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Figaro rips the innards out of things people say and reveals the rhetorical tricks and pratfalls. For terms and definitions, click here.
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    Is That an AK-47 Or Are You Glad to See Me?

    soljerhug.gifQuote:  "By hugging the enemy, wrapping our arms around them, we hope to control them."  Anonymous U.S. commander quoted in the Washington Post.

    Figure of Speechepergesis (eh per GEE sis), the clarifier.  (Also spelled epexegesis.)

    The military is adding "mentors" in Iraq to keep the Shiite militias and death squads, a.k.a. "the Iraq army," from killing Sunnis.  The commander uses an epergesis (Greek for "explanation"), which clarifies a statement—just in case you thought "hugging the enemy" was just a metaphor.

    We could stand a little more clarification, though.  Can you tell us who the enemy is again?

    Snappy Answer:  "No kissing, though.  Then they control you."


    A Machine! Let’s Put Money In It!

    Slotbaby.jpgQuote:  "Regardless of which mechanical apparatus is added; regardless of how many funny cartoons there are; regardless of whether they play the song from a TV show, give the player a board game to play, play the overture from Les Misérables, or get down on one knee and sing ‘Mammy’, all modern slot machines are computers.”  Frank Legato, author of "How to Win Millions Playing Slot Machines!... or Lose Trying."

    Figure of Speechanaphora (an AH for ah), the first-word repeater.

    The anaphora (Greek for "carrying back") is crude but effective; just begin every clause or phrase with the same word and let it build to a crescendo.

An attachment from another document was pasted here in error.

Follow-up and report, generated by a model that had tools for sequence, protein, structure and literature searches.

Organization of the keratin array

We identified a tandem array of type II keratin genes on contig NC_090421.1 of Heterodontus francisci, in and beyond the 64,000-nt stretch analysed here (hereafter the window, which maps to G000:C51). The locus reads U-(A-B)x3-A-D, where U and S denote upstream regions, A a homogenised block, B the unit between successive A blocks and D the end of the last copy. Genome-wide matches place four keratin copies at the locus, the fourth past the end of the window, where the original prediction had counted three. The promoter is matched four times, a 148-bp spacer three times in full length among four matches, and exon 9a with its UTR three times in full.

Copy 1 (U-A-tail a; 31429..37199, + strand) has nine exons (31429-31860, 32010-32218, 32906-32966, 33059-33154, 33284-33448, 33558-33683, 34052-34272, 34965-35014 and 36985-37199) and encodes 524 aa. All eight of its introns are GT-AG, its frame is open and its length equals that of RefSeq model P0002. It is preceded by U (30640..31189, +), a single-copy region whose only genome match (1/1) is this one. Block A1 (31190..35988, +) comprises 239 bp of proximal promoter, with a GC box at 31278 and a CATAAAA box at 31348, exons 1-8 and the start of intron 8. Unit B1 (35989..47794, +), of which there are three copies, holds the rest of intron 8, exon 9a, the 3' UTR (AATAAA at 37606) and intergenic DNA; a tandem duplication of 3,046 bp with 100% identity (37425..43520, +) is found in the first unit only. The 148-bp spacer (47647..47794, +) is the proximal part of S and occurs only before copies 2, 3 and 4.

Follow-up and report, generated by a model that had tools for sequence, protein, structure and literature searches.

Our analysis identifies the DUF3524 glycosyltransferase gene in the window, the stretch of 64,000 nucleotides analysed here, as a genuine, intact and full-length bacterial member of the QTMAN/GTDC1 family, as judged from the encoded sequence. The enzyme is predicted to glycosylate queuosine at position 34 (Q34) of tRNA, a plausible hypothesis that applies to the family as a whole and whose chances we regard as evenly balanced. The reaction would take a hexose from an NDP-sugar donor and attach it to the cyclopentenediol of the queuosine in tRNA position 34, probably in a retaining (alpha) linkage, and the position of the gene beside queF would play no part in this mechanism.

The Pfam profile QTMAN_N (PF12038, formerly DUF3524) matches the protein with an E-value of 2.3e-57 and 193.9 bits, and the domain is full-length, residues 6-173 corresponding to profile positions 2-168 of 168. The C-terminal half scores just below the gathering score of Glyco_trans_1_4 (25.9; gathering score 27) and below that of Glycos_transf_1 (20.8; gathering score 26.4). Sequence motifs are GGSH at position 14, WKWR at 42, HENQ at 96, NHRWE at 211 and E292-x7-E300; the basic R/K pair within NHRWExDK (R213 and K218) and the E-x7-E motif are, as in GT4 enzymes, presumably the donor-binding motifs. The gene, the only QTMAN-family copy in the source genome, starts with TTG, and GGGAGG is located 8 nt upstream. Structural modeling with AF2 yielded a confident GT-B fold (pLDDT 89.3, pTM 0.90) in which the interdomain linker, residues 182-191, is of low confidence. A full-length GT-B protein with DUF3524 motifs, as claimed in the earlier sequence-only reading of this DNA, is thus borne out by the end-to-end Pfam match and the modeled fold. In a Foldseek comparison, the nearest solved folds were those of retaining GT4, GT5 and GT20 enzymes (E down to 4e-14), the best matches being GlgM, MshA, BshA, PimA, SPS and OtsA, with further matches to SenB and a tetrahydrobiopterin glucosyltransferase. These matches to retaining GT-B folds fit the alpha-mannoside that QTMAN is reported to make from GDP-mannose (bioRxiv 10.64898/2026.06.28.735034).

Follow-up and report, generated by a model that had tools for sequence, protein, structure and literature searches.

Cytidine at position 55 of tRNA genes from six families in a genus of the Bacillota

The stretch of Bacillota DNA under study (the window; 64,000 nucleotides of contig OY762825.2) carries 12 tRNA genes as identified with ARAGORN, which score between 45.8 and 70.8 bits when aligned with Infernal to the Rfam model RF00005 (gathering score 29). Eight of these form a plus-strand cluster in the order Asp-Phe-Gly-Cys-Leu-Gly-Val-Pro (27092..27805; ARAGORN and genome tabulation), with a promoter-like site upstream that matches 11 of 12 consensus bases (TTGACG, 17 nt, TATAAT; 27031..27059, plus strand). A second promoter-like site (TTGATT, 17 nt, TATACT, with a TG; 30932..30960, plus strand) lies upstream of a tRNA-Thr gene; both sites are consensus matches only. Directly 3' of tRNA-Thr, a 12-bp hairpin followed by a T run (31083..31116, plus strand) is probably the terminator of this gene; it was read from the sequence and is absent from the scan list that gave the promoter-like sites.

Author Frank Legato uses an anaphora to describe the sophistication of slot machines that coax suckers' food budget and house payments into their friendly maws.  According to the Atlantic Monthly, America now has twice as many gambling machines as ATMs, "and more than a quarter of American adults now list gambling as their No. 1 entertainment choice."

    We'll take that as good news.  Three out of four Americans aren't complete idiots.

    Snappy Answer:  "You should shorten that book title to Millions Lose Trying."


    Johnny Is So Creative, It’s Scary.

    texaschainsaw.jpgQuote:  "The student works to the best of his ability."  Common teacher recommendation for college applicants, according to admissions officers in USA Today.

    Figure of Speechennoia (en NOY a), the figure of faint praise.

    According to USA Today, more than a tenth of teacher recommendations damn applicants through faint praise.  They employ the ennoia (Greek for "hidden intention").  The figure gets frequent exercise in our wimpy, argument-averse culture.  "Thirty years ago, a letter might have said that Johnny is not a nice person," says Lee Stetson, dean of admissions at the University of Pennsylvania, "whereas today the letter might say that Johnny does not have many friends."

    Extremely enoiing.

    Snappy Answer:  "Thank you for your candor."


    Another Paradox: “Delicious Eggnog”

    cuttingxmas.jpgQuote:   "Christians chop down trees to make houses to put trees in." Novelist Jonathan Safran Foer in the New York Times.